Fall has arrived in the Northern Hemisphere, and it's never too soon to start thinking about the next season, aka "Old Man Winter." We know you’ve been busy pulling out your sweaters and boots. Hopefully, you find an extra $10 that you forgot about in your winter coat pocket. But what about your fantastic flock of hens? Should you start knitting scarves and hats for them? Install a hot cocoa bar in the coop? Do they know what to do when the seasons change? We’re going to address the steps you should take to prepare your chickens for cold weather.
While we still don’t know who came first (the chicken or the egg), according to BBC, chickens have existed on Earth for a very long time. The domestic chicken is descended from the red jungle fowl, which is native to tropical South East Asia. These birds first domesticated around 8,000 years ago and rapidly spread around the world.
Unbelievably, the chicken is the most populous bird on the planet today, with around 23 billion. The only continent where chickens don't live is in Antarctica. Many other fowl types reside at the frozen southern end of Earth, including the very adaptable penguin.
If chickens originated in the tropics and now live worldwide, they are very adaptable too! However, we know you love pampering your pets and want to be sure they live their best life. Therefore, we have three tips to help you prepare them for the coldest months of the year.
Winterize the Coop
As we head into the colder months, many experts recommend you winterize your home. The same rule of thumb applies to your girls’ coop. While you do a deep clean of your flock’s home, thoroughly inspect the areas around the doors and windows for drafts. Also, check the roof for leaks. You'll want to seal any gaps or replace more extensive portions of walls or the roof to minimize the rate of heat loss inside the coop.
Use Sunlight to Your Advantage
It’s common knowledge that cats love napping in a sunny window. Chickens love the sun too, especially when it’s cold. Installing well-insulated windows in your coop will capture the natural warmth of the sun and keep your coop warm even as the temperature drops outside. Additionally, just like in your own home, insulating the walls stabilizes the enclosure's temperature, no matter the season. As chickens are inquisitive, be sure all insulation materials are inaccessible to your flock. Also, your hens’ respiratory systems are sensitive, so select low-allergen materials to insulate the coop.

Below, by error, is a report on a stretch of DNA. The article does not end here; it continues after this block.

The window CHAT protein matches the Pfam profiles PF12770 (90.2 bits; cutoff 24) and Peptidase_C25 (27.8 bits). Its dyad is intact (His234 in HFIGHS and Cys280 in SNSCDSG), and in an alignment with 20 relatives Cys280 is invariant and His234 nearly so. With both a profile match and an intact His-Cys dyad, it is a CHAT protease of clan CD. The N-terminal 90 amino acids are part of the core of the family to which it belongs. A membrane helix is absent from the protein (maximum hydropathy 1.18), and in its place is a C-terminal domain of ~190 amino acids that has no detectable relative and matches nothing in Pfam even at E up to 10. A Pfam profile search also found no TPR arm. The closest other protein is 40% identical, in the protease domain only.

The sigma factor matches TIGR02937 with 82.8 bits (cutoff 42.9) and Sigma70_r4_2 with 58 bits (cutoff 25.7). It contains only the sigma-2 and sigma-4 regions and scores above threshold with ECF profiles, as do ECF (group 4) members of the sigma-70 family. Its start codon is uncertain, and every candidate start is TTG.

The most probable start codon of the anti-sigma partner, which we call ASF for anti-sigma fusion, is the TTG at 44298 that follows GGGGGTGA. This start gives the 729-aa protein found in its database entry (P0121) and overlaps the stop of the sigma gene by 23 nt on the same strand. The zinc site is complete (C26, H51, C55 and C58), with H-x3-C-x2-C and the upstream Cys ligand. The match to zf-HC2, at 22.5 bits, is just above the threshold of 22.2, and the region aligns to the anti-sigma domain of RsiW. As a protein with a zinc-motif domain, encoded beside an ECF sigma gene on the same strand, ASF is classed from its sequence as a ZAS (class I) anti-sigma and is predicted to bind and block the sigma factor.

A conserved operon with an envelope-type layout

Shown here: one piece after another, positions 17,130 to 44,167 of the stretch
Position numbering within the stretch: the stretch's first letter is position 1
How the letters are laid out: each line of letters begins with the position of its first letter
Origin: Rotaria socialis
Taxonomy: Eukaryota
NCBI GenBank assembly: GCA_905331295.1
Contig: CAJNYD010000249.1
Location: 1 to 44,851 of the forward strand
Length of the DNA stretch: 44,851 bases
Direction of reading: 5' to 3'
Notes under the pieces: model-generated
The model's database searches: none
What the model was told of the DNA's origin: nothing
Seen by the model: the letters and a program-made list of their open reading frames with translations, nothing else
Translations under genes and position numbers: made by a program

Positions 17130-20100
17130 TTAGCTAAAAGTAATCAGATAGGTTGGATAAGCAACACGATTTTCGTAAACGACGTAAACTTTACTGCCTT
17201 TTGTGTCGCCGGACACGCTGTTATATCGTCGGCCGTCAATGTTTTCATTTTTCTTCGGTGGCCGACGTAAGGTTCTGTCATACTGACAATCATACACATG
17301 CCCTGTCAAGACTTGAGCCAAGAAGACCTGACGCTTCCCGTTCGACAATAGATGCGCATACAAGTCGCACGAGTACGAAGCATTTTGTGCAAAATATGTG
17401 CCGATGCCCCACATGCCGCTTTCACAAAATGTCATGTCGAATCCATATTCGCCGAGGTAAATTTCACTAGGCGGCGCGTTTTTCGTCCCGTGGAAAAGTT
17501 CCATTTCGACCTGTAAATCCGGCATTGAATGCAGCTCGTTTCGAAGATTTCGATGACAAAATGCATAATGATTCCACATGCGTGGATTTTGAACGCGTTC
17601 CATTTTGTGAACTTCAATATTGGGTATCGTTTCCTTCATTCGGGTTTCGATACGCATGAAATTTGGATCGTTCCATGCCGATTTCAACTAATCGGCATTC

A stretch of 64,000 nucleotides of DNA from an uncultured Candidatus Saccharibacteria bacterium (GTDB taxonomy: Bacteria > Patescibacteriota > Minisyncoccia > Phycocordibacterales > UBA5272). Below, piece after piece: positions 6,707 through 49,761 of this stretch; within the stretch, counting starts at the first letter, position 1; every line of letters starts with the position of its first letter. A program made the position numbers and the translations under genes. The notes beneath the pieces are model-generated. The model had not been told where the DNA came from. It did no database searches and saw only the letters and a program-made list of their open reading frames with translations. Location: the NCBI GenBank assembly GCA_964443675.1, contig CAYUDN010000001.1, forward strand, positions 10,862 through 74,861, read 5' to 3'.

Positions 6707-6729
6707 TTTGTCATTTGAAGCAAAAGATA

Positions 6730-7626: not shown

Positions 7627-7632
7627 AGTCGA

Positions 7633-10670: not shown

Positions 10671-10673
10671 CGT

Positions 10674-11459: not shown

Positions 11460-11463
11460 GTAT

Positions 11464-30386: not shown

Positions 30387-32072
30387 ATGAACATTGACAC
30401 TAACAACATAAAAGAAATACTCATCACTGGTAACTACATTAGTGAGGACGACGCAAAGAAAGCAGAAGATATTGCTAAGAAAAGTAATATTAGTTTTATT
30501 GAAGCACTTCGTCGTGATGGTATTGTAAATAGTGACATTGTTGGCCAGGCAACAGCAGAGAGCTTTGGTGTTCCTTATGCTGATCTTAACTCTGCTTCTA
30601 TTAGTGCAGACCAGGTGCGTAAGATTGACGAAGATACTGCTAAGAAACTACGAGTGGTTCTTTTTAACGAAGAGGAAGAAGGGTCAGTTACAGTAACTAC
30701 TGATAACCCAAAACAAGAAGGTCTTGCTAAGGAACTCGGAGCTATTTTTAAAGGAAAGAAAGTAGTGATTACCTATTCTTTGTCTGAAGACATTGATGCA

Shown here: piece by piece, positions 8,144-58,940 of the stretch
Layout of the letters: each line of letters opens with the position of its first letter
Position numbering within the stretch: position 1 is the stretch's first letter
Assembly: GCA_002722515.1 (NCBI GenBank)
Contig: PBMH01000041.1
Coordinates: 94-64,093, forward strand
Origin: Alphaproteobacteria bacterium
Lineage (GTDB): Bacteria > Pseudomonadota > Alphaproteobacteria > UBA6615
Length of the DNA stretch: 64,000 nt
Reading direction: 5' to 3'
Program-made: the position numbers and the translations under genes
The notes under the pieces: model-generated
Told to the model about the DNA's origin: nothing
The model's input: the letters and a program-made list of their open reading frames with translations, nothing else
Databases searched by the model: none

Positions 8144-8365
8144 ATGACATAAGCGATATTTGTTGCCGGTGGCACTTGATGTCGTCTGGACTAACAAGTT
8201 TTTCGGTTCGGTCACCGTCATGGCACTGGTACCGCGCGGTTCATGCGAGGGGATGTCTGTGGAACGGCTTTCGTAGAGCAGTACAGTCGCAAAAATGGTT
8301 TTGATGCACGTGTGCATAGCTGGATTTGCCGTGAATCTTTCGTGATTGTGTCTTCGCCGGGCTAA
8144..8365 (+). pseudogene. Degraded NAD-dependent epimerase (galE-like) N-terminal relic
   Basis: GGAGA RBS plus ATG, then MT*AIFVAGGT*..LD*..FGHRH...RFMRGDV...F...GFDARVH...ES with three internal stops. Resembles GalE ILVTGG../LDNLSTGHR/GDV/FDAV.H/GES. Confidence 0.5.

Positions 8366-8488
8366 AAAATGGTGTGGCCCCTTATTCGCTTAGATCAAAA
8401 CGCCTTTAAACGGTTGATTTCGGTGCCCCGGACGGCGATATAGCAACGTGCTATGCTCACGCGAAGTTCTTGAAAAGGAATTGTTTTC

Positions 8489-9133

If you want to take your coop to the next level, consider building a sunroom for your hens. A greenhouse-style addition gives your flock egg-stra space and lets them sun themselves in a protected area. We’re sure your ladies wouldn’t mind sharing space with you and would enjoy some of your garden’s bounty, even when it’s not summer. The sunroom doesn’t have to be anything fancy; just a simple frame covered in heavy, opaque plastic is sufficient.
Room to Roost
As heat rises, your chickens need to have their roosts off the floor. No one wants to sleep on a cold floor in the winter. All roosts need to be at least 2 feet/0.6 meters above the floor. Chickens will instinctively fluff their feathers and snuggle with each other when it’s cold. On average, each hen needs 8 inches/20 centimeters of roost space. However, when you do your bedtime checks on your girls, see if anyone is sitting on the floor. If they are, build more roosts.
Depending on where you live, the transition to cold weather may be abrupt. If you live in Colorado,( like Shelby, her hens, and me) you usually don't get a transition; the weather goes from summer to winter overnight. So always be ready!
We hope you found our tips to prepare your chickens for cold weather helpful. Hopefully, you have more of a transition than Shelby did! If you have suggestions or more questions about raising urban chickens, we’d love to hear them. Please comment on our socials or email us here: email@example.com.